New Atomic macOS Malware Steals Keychain Passwords and Crypto Wallets

April 28, 2023IRavie LakshmananEndpoint Security / Cryptocurrency

Threat actors announce a new information stealer for the Apple macOS operating system called Atomic macOS Stealer (or AMOS) on Telegram for $1,000 a month, joining the likes of MacStealer.

“Atomic macOS Stealer can steal various types of information from the victim’s machine, including keychain passwords, full system information, desktop files and documents folder, and even the password of macOS,” Cyble researchers said in a technical report.

Among other features, it includes its ability to extract data from web browsers and cryptocurrency wallets such as Atomic, Binance, Coinomi, Electrum and Exodus. Threat actors who purchase the steal from its developers also receive a ready-to-use web dashboard to manage victims.

The malware takes the form of an unsigned disk image file (Setup.dmg) that, when executed, prompts the victim to enter their system password in a fake message to elevate privileges and hard carry out their malicious activities, a technique also adopted by MacStealer. .

The initial intrusion vector used to deliver the malware is not immediately clear, although it is possible that users are tricked into downloading and running it under the guise of legitimate software.

The Atomic heist artifact, submitted to VirusTotal on April 24, 2023, is also named “Notion-7.0.6.dmg,” suggesting that it is being propagated as a popular note-taking app. Other samples unearthed from the MalwareHunterTeam are distributed as “Photoshop CC 2023.dmg” and “Tor Browser.dmg”.

“Malware like the Atomic macOS Stealer could be installed by exploiting vulnerabilities or hosting on phishing websites,” Cyble noted.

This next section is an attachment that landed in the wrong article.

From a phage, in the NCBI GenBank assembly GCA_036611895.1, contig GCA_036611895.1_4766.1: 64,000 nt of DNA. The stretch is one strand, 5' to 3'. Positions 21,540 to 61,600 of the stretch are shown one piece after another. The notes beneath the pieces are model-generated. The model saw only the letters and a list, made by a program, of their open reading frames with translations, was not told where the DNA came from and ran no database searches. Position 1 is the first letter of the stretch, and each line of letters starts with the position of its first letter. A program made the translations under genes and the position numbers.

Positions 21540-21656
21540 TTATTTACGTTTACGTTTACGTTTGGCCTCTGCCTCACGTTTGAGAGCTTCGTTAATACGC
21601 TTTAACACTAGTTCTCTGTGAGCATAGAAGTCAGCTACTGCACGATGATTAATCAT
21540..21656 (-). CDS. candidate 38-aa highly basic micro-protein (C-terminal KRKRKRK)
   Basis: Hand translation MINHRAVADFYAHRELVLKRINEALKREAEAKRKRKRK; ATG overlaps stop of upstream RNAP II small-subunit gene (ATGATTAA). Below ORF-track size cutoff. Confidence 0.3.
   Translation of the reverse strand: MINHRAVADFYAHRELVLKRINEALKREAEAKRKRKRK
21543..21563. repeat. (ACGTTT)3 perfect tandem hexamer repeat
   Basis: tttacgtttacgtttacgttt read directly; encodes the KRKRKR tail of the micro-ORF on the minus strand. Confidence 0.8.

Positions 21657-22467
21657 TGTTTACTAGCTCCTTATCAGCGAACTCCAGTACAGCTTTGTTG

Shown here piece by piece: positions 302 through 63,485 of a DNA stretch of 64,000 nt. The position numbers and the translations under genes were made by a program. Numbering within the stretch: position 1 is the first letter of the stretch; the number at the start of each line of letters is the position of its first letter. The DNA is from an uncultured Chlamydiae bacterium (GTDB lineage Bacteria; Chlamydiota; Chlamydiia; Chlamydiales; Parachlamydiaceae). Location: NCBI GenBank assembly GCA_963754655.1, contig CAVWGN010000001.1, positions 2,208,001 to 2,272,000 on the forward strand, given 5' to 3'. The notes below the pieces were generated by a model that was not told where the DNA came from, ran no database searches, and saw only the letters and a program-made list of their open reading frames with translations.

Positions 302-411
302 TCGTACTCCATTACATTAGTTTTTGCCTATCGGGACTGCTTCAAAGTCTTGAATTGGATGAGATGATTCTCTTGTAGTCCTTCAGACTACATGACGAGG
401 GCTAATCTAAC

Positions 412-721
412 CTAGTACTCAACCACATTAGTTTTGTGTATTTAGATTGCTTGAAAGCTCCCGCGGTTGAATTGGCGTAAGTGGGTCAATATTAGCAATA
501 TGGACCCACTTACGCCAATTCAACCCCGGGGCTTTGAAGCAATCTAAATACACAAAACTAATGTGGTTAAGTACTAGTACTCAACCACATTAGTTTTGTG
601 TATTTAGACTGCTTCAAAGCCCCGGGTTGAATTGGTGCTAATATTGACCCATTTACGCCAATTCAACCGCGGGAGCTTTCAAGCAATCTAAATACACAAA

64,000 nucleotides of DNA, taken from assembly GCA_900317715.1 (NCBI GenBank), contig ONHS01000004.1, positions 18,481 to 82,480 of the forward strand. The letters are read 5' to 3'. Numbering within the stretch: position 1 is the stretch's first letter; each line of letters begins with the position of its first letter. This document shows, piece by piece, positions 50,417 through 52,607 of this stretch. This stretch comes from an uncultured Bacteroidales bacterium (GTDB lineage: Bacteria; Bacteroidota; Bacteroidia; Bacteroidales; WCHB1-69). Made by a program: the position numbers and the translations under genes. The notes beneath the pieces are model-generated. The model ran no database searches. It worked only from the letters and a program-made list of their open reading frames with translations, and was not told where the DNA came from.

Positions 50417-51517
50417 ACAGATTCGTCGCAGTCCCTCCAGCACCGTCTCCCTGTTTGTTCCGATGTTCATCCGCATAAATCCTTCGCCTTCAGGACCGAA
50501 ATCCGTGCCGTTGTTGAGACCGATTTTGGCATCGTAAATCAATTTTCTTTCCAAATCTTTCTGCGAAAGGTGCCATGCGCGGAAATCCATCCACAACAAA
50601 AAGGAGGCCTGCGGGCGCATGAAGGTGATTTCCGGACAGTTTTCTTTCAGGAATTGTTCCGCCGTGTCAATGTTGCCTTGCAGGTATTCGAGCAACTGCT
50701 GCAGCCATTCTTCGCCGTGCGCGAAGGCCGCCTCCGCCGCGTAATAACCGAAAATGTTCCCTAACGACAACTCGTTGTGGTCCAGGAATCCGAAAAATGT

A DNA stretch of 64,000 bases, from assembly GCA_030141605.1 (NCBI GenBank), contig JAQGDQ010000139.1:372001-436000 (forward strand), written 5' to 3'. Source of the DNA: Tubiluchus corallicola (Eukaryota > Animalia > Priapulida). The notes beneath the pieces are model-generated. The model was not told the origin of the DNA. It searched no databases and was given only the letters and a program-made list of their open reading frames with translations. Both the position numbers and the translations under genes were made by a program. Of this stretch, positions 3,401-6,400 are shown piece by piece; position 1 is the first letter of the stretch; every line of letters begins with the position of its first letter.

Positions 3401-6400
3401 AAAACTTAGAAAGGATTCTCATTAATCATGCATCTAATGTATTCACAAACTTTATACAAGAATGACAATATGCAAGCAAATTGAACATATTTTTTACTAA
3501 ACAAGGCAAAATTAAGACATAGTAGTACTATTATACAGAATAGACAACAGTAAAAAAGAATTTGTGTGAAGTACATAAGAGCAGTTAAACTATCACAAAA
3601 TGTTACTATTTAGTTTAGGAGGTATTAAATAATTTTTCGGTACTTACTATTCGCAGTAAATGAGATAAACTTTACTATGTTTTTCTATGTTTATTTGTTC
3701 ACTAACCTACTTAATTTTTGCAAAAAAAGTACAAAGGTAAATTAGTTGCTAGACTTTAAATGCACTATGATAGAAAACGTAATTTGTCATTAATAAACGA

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Atomic then proceeds to collect system metadata, files, iCloud Keychain, as well as information stored in web browsers (eg passwords, autofill, cookies, credit card details) and crypto wallet extensions, all compressed into a ZIP file and sent. to a remote server. The ZIP file of the collected information is sent to pre-configured Telegram channels.

The development is another sign that macOS is increasingly becoming a lucrative target beyond nation-state hacking groups to deploy stealthy malware, making it imperative that users only download and install software from trusted sources, enable two-factor authentication, review app permissions, and abstain. from opening suspicious links received by e-mail or SMS messages.

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Ikaroa is closely monitoring the recent discovery of a new type of malware that is targeting macOS systems. This new type of malware, referred to as a “Atomic macOS”, has been found to have the ability to steal keychain passwords and crypto wallets. The malicious code works by executing a fake-looking application to initiate the attack, which then attempts to access the targeted machine’s Keychain password storage and crypto wallets.

Ikaroa takes this threat very seriously, as macOS Keychain passwords and crypto wallets often store valuable data and credentials. These credentials can be used to access bank accounts or other sensitive data if compromised. We advise all macOS users to ensure that their systems are updated with the latest OS patches, install anti-virus software, and exercise enhanced vigilance for suspected malicious activities.

Ikaroa strongly recommends macOS users take action to protect their data from the malicious Atomic macOS malware. This is especially true for those who already store sensitive data, such as passwords and crypto wallets, on their Apple systems. Ikaroa offers a full suite of protection that can be implemented to detect and prevent this type of attack. We are committed to keeping our customers safe, so please do not hesitate to reach out for more information.


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